The Cleveland Plain Dealer has a great article on the expansion of vouchers in Ohio, and what that means for the public schools affected. This year Ohio has expanded eligibility to 30,000 students, with further expansion to 60,000 next year.
Fifteen states and the District of Columbia direct about $1 billion a year in public money to private schools through voucher or tax credit programs, according to ASCD. The nonprofit organization, which develops resources for educators, ranks Ohio fourth in the amount provided, after Florida, Louisiana and Wisconsin.
Current Ohio voucher programs are limited by geography, and income, but that can change
There is also support for even more growth in vouchers. Rep. Matt Huffman, a Lima Republican, is championing a bill still in the legislature that would award private-school tuition vouchers of up to $4,626 to families based on their household incomes -- with no geographic restriction and no requirement that students come from failing public schools.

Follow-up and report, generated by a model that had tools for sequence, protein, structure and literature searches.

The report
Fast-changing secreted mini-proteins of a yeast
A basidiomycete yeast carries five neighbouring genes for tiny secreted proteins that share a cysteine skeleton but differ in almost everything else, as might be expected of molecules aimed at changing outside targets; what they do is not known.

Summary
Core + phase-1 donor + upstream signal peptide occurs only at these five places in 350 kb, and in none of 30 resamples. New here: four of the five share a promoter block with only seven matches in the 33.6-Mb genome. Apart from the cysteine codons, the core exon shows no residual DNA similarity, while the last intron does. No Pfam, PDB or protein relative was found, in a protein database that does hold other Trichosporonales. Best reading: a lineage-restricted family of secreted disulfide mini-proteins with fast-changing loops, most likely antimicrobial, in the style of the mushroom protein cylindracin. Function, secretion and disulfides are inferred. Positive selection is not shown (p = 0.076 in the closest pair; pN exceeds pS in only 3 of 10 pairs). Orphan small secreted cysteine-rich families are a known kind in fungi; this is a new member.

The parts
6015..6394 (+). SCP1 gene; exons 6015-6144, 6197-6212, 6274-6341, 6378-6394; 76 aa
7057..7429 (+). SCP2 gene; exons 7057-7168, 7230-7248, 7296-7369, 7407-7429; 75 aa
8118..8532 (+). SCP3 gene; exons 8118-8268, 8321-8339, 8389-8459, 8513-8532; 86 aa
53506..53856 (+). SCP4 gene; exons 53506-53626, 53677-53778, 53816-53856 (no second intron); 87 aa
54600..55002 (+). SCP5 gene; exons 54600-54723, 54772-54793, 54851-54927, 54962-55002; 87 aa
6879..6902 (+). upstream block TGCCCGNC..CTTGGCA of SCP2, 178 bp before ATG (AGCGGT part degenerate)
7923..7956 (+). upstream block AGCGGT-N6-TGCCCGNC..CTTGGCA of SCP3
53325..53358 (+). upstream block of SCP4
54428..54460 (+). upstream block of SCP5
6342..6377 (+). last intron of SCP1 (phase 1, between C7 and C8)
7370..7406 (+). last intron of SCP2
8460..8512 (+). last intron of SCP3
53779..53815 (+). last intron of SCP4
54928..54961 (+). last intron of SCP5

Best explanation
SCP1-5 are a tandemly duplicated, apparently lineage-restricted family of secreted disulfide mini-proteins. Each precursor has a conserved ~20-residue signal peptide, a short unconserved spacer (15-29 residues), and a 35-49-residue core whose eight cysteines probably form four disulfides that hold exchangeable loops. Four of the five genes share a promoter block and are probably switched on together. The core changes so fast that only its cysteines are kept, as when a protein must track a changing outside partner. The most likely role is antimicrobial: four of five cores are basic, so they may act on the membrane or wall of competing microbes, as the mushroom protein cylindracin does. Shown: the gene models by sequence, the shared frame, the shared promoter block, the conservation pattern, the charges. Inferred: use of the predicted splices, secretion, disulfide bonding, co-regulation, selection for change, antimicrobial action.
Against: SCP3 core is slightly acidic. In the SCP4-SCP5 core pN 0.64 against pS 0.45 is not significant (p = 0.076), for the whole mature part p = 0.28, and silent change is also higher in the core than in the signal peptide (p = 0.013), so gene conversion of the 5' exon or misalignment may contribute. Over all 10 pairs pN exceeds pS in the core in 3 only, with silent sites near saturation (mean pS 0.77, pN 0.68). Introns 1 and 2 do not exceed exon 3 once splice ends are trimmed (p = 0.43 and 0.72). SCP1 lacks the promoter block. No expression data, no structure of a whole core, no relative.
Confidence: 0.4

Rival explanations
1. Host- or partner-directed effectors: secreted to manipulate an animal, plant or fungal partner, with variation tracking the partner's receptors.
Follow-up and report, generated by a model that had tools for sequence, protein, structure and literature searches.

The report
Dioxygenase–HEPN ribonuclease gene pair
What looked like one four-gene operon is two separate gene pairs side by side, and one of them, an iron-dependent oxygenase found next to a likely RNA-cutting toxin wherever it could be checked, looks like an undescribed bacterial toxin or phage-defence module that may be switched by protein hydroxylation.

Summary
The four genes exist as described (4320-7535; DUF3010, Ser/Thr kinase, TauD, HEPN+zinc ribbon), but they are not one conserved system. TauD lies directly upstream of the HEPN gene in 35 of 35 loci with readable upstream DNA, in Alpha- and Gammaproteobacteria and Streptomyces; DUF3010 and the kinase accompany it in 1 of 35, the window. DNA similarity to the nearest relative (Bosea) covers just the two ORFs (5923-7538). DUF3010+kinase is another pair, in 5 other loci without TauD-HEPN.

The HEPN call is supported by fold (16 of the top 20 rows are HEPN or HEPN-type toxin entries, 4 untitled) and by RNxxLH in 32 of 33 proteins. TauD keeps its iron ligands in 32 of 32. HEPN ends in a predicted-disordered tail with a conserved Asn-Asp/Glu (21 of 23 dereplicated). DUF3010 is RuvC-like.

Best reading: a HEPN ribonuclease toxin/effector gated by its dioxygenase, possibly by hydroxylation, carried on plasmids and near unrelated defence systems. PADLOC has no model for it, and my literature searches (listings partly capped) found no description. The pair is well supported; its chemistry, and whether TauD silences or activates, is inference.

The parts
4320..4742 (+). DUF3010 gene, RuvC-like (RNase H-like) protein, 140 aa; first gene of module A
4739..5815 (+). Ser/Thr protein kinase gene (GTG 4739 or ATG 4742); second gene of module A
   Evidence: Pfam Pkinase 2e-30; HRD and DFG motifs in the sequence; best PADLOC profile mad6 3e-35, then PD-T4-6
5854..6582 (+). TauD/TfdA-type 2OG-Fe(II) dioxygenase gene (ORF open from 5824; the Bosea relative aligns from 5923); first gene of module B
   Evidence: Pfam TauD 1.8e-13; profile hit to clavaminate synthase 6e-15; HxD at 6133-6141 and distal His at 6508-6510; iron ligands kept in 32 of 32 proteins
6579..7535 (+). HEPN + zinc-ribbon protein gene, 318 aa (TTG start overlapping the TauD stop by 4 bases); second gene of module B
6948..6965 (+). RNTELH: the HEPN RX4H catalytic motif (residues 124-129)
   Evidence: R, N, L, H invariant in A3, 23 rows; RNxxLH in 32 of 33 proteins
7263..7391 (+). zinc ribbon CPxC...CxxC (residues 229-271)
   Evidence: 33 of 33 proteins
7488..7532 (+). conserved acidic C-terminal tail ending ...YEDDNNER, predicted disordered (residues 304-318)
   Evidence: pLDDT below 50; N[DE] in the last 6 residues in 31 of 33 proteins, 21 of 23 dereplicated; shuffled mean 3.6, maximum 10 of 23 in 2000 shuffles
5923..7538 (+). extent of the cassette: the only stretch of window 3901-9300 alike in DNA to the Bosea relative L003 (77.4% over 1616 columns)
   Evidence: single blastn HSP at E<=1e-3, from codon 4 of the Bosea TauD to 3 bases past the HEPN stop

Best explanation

The vouchers have a crippling financial effect on the public schools who lose these students, the Euclid district lost 544 students to vouchers on top of 1,067 students to independently operated charter schools. There are further pernicious effects
Another twist that hurts: Students can keep their vouchers through high school, even if their public schools improve and get off the EdChoice list. So, Euclid High School ultimately may be affected even though it's never been on the list.
As for the quality of education these students who transfer to private schools at the expense of public school students, the results are suspect
Research done so far on voucher programs across the country - including Ohio -- has failed to show that they lead to better academic achievement, according to a report released last month by the Washington-based Center on Education Policy
, a group that advocates for public education.
Ohio recently started requiring that EdChoice and Cleveland voucher students take state tests to gauge their performance in private school. Early data suggests that their public school counterparts often did better.